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The impact of late Holocene climatic variability and land use change on the flood hydrology of the Guadalentín River, southeast Spain

AutorBenito, Gerardo ; Rico, María Teresa ; Sánchez Moya, Yolanda ; Sopeña, Alfonso ; Thorndycraft, V. R.; Barriendos, M.
Palabras clavePalaeoflood hydrology
Documentary records
Little Ice Age
Environmental change
Southeast Spain
Fecha de publicación1-feb-2010
CitaciónGlobal and Planetary Change 70: 53-63 (2010)
ResumenThe Guadalentín River, located in southeast Spain, is considered one of the most torrential rivers in Spain, as indicated by catastrophic events such as the 1879 flood that caused 777 fatalities in the Murcia region. In this paper, flood frequency and magnitude of the upper Guadalentín River were reconstructed using geomorphological evidence, combined with one-dimensional hydraulic modelling and supported by records from documentary sources at Lorca in the lower Guadalentín catchment. Palaeoflood studies were conducted along a 2.5-km reach located at the confluence of the Rambla Mayor (162 km2) and Caramel River (210 km2). These tributaries join at the entrance of a narrow bedrock canyon, carved in Cretaceous limestone, which is 15–30 m wide and 40 m deep. Six stratigraphic profiles were described, the thickest and most complete corresponding to flood benches deposited upstream of the canyon constriction. The stratigraphic and documentary records identify five main phases of increased flood frequency. Phase 1, based on sedimentary palaeoflood evidence alone, occurred at c. AD 950–1200 with at least ten floods with minimum discharge estimates of 15–580 m3 s−1. Phases 2–5, identified through combined sedimentary and documentary evidence occurred at: (a) AD 1648–1672, with eight documentary floods and two palaeofloods exceeding 580–680 m3 s−1 (most probably the AD 1651 and 1653 events); (b) AD 1769–1802, comprising seven documentary floods, of which at least two events (N250 m3 s−1) are preserved in the sedimentary record; (c) AD 1830–1840, with four documentary floods, and at least two events recorded in the stratigraphy (760–1035 m3 s−1); and finally (d) the AD 1877–1900 period that witnessed seven documentary floods, with three palaeofloods exceeding 880 m3 s−1. The palaeoflood and historical flood information indicate an anomalous increase in the frequency of large magnitude floods between AD 1830 and 1900, which can be attributed to climatic variability accentuated by intensive deforestation and land use practices during the first decades of the nineteenth century.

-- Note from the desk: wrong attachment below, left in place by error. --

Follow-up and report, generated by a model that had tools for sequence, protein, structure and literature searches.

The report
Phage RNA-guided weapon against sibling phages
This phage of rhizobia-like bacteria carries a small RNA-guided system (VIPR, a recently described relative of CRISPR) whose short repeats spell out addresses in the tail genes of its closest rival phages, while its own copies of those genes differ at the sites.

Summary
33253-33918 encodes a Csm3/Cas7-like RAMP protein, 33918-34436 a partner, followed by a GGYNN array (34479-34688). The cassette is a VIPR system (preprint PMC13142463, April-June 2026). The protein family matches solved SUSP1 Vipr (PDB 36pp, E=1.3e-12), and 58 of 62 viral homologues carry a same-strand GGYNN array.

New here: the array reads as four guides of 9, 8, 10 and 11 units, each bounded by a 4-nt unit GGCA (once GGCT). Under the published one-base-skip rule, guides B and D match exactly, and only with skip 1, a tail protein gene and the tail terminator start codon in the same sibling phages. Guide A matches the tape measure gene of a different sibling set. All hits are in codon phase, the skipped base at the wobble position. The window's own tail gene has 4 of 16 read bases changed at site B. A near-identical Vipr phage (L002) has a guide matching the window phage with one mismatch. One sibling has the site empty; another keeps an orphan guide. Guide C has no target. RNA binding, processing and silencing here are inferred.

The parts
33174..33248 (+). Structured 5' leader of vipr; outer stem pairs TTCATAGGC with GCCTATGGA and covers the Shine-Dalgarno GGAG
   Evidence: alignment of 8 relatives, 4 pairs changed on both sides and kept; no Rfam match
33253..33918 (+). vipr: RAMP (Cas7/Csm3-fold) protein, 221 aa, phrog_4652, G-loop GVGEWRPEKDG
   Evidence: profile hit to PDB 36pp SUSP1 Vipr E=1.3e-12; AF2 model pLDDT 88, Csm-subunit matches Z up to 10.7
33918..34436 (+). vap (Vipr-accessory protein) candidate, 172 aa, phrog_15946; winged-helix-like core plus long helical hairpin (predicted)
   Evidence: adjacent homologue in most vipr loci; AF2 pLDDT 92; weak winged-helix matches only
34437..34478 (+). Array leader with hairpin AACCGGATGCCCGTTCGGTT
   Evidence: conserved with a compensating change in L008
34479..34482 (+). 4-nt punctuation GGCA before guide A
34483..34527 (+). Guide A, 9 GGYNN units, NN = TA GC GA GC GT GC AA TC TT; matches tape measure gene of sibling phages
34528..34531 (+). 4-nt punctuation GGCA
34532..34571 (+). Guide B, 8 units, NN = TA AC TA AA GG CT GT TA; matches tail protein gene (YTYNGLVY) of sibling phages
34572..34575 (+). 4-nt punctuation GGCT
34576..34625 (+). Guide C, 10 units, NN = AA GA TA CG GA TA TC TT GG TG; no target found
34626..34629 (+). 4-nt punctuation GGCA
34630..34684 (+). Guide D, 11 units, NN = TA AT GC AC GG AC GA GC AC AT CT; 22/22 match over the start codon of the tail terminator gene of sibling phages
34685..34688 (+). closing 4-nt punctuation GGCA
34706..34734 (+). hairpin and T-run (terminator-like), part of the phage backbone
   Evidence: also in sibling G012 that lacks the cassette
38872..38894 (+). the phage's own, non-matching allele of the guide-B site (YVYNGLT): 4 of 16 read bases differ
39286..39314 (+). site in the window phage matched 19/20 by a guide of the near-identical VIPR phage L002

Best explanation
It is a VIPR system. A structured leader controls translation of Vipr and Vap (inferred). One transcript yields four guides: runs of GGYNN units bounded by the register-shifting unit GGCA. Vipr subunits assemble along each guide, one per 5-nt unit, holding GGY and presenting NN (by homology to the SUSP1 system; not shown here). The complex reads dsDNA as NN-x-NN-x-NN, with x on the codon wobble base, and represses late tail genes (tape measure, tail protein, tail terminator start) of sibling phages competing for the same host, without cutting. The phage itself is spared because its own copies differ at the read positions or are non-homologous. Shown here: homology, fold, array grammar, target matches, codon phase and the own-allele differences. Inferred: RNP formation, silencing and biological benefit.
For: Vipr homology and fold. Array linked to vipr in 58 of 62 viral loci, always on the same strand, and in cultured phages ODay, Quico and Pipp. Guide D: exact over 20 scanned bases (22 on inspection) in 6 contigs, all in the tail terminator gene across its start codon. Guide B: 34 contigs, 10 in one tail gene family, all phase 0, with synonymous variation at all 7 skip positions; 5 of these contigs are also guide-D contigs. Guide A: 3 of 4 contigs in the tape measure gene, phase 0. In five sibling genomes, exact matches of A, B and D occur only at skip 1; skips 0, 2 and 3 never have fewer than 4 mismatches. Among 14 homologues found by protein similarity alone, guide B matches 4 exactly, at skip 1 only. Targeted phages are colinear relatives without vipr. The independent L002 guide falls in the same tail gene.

Descripción11 pages, figures, photos, and tables stastics.-- El PDF del artículo esta en su versión post-print.
Versión del editorhttp://dx.doi.org/10.1016/j.gloplacha.2009.11.007
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